John L. Jewell’s The Promise follows the author’s A Strange Boy (2016), a coming-of-age tale initially set in 1950s England that chronicled the search by a young boy with supernatural abilities to find the truth about his father’ disappearance. This novel delves further into the story of the boy’s sister who promised to keep her little brother safe, no matter the cost.
Leslie Johns is a special kid. Not only does he have a photographic memory, he can also communicate through telepathy, among other inexplicable powers. His childhood—and that of his older sister Mary—has been nothing short of nightmarish. Brought to believe that their father was dead, the two siblings were raised by an emotionally unstable mother who, at one point, tried to kill them. Later raised in an orphanage, they endured untold horrors until finally, with a reporter’s help, they learned the truth: Their father was still alive.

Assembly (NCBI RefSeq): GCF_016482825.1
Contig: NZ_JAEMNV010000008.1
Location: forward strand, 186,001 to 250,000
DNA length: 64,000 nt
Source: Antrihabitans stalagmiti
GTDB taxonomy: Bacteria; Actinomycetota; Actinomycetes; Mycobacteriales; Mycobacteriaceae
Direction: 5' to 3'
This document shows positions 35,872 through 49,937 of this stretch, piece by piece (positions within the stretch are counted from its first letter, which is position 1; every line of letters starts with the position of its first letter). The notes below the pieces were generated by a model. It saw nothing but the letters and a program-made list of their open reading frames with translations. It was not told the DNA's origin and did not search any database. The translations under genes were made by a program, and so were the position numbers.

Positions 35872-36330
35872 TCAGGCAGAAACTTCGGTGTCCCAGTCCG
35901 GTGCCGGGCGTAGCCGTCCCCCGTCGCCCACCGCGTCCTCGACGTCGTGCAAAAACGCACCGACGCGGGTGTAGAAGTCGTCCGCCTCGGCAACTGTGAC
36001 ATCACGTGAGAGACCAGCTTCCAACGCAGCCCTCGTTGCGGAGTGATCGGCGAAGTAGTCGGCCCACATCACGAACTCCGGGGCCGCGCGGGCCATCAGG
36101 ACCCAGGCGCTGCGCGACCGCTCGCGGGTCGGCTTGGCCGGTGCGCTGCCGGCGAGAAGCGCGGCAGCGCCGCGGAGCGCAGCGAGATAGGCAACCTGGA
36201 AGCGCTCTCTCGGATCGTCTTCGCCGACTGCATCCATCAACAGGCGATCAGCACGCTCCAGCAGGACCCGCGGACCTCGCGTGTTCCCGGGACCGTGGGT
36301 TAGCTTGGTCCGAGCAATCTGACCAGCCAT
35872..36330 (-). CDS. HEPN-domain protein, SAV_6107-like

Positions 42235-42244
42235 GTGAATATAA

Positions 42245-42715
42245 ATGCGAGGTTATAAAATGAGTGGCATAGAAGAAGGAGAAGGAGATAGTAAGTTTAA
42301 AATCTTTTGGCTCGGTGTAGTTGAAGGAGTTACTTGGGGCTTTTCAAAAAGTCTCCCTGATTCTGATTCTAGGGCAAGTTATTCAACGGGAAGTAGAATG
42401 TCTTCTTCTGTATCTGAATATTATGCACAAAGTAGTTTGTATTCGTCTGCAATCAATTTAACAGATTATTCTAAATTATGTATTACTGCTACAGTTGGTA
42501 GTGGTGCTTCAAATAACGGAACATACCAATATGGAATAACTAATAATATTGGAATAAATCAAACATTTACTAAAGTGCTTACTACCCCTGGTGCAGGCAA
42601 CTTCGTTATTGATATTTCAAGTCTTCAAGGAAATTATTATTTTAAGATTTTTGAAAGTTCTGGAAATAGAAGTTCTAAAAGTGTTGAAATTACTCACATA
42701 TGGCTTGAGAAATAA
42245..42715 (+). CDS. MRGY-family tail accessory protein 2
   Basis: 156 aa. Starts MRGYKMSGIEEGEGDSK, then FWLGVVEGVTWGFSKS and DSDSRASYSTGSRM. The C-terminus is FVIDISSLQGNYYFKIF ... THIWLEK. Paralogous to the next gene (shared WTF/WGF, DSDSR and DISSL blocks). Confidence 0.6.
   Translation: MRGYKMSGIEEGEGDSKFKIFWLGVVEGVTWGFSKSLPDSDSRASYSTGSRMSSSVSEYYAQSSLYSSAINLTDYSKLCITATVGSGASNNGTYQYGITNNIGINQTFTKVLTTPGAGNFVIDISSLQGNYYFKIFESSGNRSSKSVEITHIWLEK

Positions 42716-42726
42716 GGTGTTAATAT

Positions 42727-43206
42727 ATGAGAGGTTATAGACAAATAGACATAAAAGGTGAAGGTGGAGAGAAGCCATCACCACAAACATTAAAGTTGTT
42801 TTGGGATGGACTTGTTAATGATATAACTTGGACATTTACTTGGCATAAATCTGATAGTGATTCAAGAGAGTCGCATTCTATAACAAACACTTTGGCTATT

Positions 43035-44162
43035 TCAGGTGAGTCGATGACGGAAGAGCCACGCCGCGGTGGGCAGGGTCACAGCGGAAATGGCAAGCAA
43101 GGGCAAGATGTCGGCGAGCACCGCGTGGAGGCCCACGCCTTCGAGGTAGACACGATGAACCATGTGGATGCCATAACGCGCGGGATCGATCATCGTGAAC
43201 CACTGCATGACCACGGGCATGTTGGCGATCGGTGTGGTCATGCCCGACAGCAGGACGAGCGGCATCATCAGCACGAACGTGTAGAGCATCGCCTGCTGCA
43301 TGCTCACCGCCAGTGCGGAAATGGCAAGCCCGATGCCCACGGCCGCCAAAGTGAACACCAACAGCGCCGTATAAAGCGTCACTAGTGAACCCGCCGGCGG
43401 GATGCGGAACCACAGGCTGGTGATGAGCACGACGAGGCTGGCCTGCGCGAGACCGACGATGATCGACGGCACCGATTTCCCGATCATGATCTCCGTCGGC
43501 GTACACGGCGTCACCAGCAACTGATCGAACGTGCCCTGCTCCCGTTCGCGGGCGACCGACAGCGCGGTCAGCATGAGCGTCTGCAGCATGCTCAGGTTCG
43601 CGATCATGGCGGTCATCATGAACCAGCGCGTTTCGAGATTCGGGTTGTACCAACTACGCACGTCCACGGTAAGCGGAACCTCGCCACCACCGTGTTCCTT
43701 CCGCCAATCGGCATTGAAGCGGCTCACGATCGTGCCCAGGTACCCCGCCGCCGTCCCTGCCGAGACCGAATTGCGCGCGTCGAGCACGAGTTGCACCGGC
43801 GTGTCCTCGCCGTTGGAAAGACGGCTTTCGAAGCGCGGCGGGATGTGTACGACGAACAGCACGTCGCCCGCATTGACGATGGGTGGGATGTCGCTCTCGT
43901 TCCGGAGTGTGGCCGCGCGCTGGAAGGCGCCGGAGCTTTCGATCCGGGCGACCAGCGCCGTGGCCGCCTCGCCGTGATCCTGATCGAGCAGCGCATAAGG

Now living with their father, the children—18 and 16 years old—have a seemingly idyllic life helping their father start a dog training business. But the criminals responsible for ruining the kid’s childhoods are still awaiting trial, and one of Leslie’s friends at the orphanage is turning out to be his worst enemy….
While the narrative is fluid and readable, the story falls flat in large part because of the immiscibility of the plot threads. The novel attempts to be simultaneously a heartfelt family drama about a father reuniting with his children, a potentially apocalyptic supernatural thriller about antagonistic telepaths, and a legal suspense story surrounding the arrest and prosecution of a gang of morally bankrupt kidnappers and murderers. The novel’s latter part has an everything-but-the-kitchen-sink feel to it.
In trying to do too much, the author ends up diluting the power of each plot thread, making none particularly satisfying. The result, unfortunately, is an ambitious read that ultimately falters under the weight of its outsized intentions.
Also available in hardcover.